Does External Penetration Testing Need to Be Conducted “After-Hours”?

One of the questions we often get when scoping out external penetration tests is “Can this testing be conducted after-hours or outside of regular business hours?” And while the answer is always “yes, we can do that,” some organizations aren’t aware of the trade-offs and risks here, so they may be signing up for a more expensive assessment when they don’t really need to. We are always happy to explain the pros and cons here on scoping calls as they pertain to your specific situation, but let’s dive into some of the factors that could influence this decision.

Concerns About Pen Testing

For a lot of organization’s, I think most of the concerns here come from a fear of the unknown. If they haven’t had a penetration test before or haven’t had our firm conduct a penetration test for them, they’d like to play it safe rather than sorry. The last thing any security or IT leader wants is to be the cause of any kind of outage or loss in revenue for the business. So while scoping out a penetration test, and we’re talking about external penetration testing in particular here, they want to restrict testing so that nothing is done during regular business hours to avoid any chance of a serious disruption. If the penetration testing team happens to take down a system or lock out a key account, there is plenty of time to get everything restored before any significant impacts are felt.

Additionally, maybe you’re just concerned about the overall load that’s being put on your organization’s exposed servers, since you may not be familiar with the kind of testing tools or scans that are run during a penetration test. After-hours testing can ensure that these automated tools are only being run during low-traffic time periods. It’s not ridiculous to want to lower the overall risk associated with an assessment, as that’s how security people tend to operate. But running a penetration test after-hours does increase the overall cost of the assessment for your organization.

The Real Risk of External Penetration Testing

Now I can’t sit here and tell you that there is no risk associated with a penetration test. The engineers assigned to test your organization are trying to emulate real world threat actors and the types of attacks your organization is likely to face. Their ultimate goal is to gain access to your organization’s network and/or sensitive information while identifying all possible vulnerabilities on your assets that are exposed to the Internet. In order to do this, there is some risk associated with running software exploits, conducting password attacks, or even just launching automated scans to start an assessment.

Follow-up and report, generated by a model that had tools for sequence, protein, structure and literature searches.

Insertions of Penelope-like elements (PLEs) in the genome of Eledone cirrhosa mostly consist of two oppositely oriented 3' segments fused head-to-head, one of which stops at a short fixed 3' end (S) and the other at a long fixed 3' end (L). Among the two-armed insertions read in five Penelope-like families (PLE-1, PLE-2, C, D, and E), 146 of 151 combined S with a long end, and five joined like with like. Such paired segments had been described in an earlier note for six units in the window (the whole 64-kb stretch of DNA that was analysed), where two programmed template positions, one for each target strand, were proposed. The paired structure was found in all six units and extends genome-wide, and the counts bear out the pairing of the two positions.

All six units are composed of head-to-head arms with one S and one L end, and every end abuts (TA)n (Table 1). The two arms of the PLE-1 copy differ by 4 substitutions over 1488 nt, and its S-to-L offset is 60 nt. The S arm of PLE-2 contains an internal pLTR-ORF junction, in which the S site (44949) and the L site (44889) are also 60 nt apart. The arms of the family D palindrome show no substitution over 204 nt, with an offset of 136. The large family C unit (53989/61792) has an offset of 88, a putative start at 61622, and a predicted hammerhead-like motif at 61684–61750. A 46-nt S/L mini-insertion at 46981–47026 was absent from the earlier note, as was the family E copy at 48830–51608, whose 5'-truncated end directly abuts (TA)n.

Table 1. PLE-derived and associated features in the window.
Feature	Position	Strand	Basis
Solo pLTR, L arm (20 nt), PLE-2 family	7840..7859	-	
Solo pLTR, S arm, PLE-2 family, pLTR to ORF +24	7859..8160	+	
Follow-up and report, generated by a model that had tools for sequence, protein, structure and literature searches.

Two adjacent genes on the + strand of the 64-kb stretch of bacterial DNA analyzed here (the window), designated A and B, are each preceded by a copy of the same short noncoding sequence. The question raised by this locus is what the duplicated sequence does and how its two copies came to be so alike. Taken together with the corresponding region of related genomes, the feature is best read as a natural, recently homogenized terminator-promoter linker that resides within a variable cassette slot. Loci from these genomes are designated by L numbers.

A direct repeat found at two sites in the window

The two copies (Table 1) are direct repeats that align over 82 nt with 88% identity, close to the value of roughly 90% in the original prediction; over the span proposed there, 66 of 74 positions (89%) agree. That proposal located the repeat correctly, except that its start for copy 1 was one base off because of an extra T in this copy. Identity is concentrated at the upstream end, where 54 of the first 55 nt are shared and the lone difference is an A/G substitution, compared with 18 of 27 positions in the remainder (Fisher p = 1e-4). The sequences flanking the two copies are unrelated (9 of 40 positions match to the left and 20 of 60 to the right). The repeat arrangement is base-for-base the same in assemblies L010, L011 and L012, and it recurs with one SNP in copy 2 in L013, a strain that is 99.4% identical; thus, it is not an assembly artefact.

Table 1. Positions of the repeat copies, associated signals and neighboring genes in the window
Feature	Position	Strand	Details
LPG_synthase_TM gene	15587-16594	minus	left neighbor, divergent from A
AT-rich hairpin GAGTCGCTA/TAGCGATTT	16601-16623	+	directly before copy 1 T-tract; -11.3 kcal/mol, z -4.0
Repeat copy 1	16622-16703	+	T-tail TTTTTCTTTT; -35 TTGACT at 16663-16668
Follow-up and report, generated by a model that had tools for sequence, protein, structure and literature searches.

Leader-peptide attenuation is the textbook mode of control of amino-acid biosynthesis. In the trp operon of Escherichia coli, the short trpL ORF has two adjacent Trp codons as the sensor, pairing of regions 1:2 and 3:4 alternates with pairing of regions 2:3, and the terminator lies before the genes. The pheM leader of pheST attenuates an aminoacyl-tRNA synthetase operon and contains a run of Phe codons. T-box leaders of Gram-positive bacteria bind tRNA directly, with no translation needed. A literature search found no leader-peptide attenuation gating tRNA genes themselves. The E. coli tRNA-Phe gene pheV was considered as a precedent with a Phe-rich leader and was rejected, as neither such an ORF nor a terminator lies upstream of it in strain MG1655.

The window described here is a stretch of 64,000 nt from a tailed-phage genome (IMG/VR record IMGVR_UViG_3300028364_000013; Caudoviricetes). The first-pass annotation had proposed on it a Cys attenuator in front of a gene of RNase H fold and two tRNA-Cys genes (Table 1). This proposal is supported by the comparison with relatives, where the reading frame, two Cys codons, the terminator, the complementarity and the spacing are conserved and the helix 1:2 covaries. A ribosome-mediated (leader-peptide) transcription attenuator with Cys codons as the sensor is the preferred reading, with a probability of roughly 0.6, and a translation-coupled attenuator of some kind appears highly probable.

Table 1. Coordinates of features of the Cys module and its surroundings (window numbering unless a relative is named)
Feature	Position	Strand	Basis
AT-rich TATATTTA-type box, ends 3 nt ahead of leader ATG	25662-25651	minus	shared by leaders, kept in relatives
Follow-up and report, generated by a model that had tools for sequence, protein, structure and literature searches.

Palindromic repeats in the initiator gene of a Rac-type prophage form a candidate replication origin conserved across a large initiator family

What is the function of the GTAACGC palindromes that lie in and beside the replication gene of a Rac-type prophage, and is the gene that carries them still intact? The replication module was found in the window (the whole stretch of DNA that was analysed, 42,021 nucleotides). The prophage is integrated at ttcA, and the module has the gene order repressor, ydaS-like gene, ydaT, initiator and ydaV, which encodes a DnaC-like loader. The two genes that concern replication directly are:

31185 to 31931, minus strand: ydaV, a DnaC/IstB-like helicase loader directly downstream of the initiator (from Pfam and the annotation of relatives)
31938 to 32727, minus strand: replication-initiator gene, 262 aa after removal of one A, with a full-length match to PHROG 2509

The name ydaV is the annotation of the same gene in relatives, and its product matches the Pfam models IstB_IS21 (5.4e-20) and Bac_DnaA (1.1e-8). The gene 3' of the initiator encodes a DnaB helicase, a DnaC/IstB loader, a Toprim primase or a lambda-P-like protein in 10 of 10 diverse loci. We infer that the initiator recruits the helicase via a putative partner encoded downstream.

In general though, the level of risk here is extremely minimal. Here are a few factors when considering whether after-hours testing may be necessary for you:

  • These systems are already exposed to the Internet. If you’ve ever monitored logs of Internet-facing systems before, you’ll see that attacks are being thrown at these systems, they are being scanned, and password attacks are being attempted on login interfaces regularly. If these haven’t caused issues, a penetration test likely won’t cause any problems either.
  • Penetration testers are much more courteous than actual adversaries. Experienced penetration testers understand how to balance the need to provide a realistic and thorough test with the importance of availability for a business. We’re not going to launch attacks with a high likelihood of disruption, we’re always going to avoid account lockouts where possible, and we’re not going to launch denial-of-service attacks.
  • Automated scans are a small part of an external penetration test. A lot of people seem to be worried about the volume of “scans” we run during an assessment. These tools really don’t generate a ton of traffic and run in a throttled manner, limiting the number of concurrent requests to a host. While this can certainly cause problems for sensitive or old systems (we request that you consider this and let us know about any potentially sensitive systems during our Project Kick-Off Meeting), you’d likely already be having issues if these devices are exposed to the Internet.
  • If a penetration testing does cause any problems for your systems/networks, there’s a likely a problem you want to know about. As these systems are already exposed to the Internet, if we take any action that causes availability issues, there is very likely an associated vulnerability or misconfiguration that needs to be addressed.

So while there are certainly industries, organizations, and situations that would merit after-hours penetration testing, you may want to consider the factors above before springing for a more expensive assessment. The vast majority of the time, clients don’t even know we’re there when we conduct an assessment and gain access to the internal network or sensitive information. It is a good time to review your logging and alerting infrastructure, however, to help you understand what kind of attacks you might see as a penetration test is being conducted. Overall, there’s no right or wrong answer here. We always want to arm our client’s with all of the data they need to make an informed decision on what’s right for them, but we’re always happy to discuss your situation in more detail, so feel free to reach out!